Technology benefits humanity in countless ways. Medical treatment is better than ever, communication is easier, bigger and better buildings are constructed, etc. Technology allows many of us to work from home. In the area of work and health, I can’t argue that technology has been a huge win.
My concern is in the area of recreation, media, and socialization. As individuals, are we slowly losing our ability to think creatively? To socially interact with others? To appreciate the outdoors? I’ve been mulling over these thoughts amidst the Corona Virus scare where we have all been ordered to stay home.
We are living through rare times with this COVID-19 virus. In the last few days, I have been afforded the gift of life slowing down. I took a step back from the situation and analyzed the lessons we should be learning from the experience. I guess it's the silver lining in the cloud. Here are my top five:
When it comes to intentionally developing toughness, most people quit. Why? Well, it's all mental and becoming mentally tough is, well… tough. It requires you to consistently put yourself in uncomfortable situations and to push through the discomfort to completion of the task or experience.
What makes a successful hunt or hunter? Is it a huge set of antlers, memories made, the experience, or meat for the family? If you look at social media, a successful hunt results in trophy antlers. But there is more to it. Was the hunt on public or private? Was it a special draw unit? What was the animal genetics there? Did the hunter find the bull or buck by his skill or by paying outfitters, guides, and scouts to do all the work for him? Ultimately, a successful hunt is in the eye of the beholder. Where I grew up, a small two-point blacktail was a trophy and reason to celebrate. Success is relative and may not even be about the animal. A successful hunt could mean leaving the field thankful for God's beautiful creation, for camaraderie with friends, or for a time of refreshing solitude.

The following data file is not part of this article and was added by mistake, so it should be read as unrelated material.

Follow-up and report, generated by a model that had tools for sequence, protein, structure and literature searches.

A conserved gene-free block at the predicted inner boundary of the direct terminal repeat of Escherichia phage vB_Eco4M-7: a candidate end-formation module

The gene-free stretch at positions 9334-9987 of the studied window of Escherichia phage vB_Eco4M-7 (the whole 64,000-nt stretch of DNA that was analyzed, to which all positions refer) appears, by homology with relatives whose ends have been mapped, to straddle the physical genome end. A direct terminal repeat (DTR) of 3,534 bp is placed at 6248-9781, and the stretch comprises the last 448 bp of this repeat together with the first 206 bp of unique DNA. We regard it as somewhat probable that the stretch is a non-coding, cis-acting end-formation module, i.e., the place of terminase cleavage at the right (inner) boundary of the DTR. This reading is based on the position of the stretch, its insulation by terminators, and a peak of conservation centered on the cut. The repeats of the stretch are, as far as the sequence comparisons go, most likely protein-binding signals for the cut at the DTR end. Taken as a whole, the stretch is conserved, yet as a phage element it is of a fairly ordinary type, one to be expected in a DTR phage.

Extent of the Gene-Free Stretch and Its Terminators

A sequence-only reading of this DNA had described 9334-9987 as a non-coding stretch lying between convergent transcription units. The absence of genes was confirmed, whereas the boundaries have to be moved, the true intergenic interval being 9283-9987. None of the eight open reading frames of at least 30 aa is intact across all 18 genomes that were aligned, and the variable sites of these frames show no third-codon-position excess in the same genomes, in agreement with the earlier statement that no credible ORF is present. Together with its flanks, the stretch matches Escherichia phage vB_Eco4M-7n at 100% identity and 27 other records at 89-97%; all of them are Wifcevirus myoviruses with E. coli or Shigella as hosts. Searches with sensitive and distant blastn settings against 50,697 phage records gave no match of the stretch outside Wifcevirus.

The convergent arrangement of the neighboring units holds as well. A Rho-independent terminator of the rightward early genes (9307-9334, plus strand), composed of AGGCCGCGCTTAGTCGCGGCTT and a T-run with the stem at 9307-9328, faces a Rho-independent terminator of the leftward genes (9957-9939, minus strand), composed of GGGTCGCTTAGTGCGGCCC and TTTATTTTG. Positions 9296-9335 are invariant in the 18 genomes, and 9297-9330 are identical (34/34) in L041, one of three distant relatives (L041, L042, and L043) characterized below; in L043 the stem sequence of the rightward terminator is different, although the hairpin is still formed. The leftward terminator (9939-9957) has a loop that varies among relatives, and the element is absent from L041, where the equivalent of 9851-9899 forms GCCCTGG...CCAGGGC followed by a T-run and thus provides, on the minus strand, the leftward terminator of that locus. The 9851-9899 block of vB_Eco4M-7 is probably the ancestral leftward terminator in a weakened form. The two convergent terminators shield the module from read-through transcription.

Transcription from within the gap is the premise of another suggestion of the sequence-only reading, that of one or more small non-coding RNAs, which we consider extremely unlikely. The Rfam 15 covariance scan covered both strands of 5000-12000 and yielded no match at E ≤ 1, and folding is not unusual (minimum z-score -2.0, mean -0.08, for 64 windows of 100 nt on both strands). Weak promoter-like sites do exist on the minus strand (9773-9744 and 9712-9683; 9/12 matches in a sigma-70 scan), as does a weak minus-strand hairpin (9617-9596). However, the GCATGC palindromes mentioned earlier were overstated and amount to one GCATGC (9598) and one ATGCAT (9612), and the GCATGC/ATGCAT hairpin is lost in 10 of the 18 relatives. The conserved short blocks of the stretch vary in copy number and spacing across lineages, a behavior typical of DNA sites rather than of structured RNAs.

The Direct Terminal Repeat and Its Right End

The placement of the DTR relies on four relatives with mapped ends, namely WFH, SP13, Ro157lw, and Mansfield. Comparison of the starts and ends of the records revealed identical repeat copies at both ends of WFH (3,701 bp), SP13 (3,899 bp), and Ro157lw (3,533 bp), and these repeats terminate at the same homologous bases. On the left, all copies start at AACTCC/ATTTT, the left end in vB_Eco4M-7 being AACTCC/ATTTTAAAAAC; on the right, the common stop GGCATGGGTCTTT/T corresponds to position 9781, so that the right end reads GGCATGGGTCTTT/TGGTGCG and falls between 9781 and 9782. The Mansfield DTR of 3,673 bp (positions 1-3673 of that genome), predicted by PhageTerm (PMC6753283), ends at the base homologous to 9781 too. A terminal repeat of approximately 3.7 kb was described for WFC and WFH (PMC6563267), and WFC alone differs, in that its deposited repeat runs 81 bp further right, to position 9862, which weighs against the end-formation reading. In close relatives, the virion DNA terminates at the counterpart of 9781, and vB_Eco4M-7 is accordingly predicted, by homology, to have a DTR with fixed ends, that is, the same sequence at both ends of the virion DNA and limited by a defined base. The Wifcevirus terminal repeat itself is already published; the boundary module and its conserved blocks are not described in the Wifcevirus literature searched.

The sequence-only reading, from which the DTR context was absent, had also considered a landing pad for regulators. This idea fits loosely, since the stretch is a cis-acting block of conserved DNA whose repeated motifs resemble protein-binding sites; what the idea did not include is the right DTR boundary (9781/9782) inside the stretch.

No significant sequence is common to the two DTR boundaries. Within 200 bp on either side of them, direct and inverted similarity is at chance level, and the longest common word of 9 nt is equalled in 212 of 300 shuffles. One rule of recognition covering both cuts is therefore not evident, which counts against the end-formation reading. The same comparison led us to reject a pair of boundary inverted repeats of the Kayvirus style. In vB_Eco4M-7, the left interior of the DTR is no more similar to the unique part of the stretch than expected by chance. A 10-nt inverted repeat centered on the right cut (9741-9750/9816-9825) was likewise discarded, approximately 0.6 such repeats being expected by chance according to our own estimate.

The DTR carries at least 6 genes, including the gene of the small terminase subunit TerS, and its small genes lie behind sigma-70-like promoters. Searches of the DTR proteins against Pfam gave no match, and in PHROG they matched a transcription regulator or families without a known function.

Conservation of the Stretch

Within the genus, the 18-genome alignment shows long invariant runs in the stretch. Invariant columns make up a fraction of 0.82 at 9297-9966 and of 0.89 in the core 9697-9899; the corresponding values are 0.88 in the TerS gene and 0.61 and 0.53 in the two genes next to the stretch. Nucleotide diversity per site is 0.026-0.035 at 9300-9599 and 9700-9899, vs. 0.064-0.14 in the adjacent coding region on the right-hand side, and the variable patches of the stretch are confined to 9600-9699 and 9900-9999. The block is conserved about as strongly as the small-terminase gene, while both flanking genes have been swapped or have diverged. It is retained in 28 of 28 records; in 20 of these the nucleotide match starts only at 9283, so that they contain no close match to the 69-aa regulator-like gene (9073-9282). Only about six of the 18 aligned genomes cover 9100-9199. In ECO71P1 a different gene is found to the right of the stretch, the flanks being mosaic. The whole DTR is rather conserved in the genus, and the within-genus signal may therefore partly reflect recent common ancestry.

At church recently, my brother-in-law was talking my hunting skills up with a fellow church member I didn't know very well. He quickly came over to ask if he could go hunting with me this fall. Not knowing how to navigate through the urgent and slightly awkward request, I introduced myself and started asking a few questions.
This spring I was blessed to get into the bear woods with a lot of great action. Ultimately, my season ended in a filled tag, but that is a story for another day! Today, one hunt lingers in my thoughts. It was a beauty of a day and I covered 14 miles in stunning country, got a fantastic workout, and didn't see any big game. Yes, I did not see any game but had a blast. I learned about the hunting area and how I can better attack it next time. I left refreshed and more knowledgeable.
During casual lunchtime conversation, a coworker recently posed two hypothetical hunting opportunities and asked which I would choose. The catch: it would be the last hunt I could ever go on.
The balance of marriage and hunting is a challenge. For some couples, the process is more natural than for others. The best balance results in an enriched marriage. The worst balance leads to a hunter's spouse feeling resentful, lonely, and jealous.
The arrow has been released and flown true. The blood trail was short due to the ethical shot. Now you stand over your kill. What do you feel? Simple joy? Sorrow? For others less in tune with the wild, there may be little emotion at all. Why does this even matter? Perspective plays a key role in the big picture of our approach to conservation. With no respect for the beast pursued, thoughtless killing takes place. Such a perspective lends no hand to stewardship and historically places animal populations on the brink of extinction.
SB 127 is a bill recently introduced in the state of Montana. If passed, the bill will make it illegal to sell information or coordinates revealing the location of game animals. The point of this bill is to support fair chase hunting. The bill prevents people from paying large sums of money to kill a trophy class animal someone else found on public land. SB 127 is not about habitat or animal populations; it is about ethics. It is a sad state of affairs when hunting becomes about the highest bidder paying not to hunt but to kill for a living room decoration.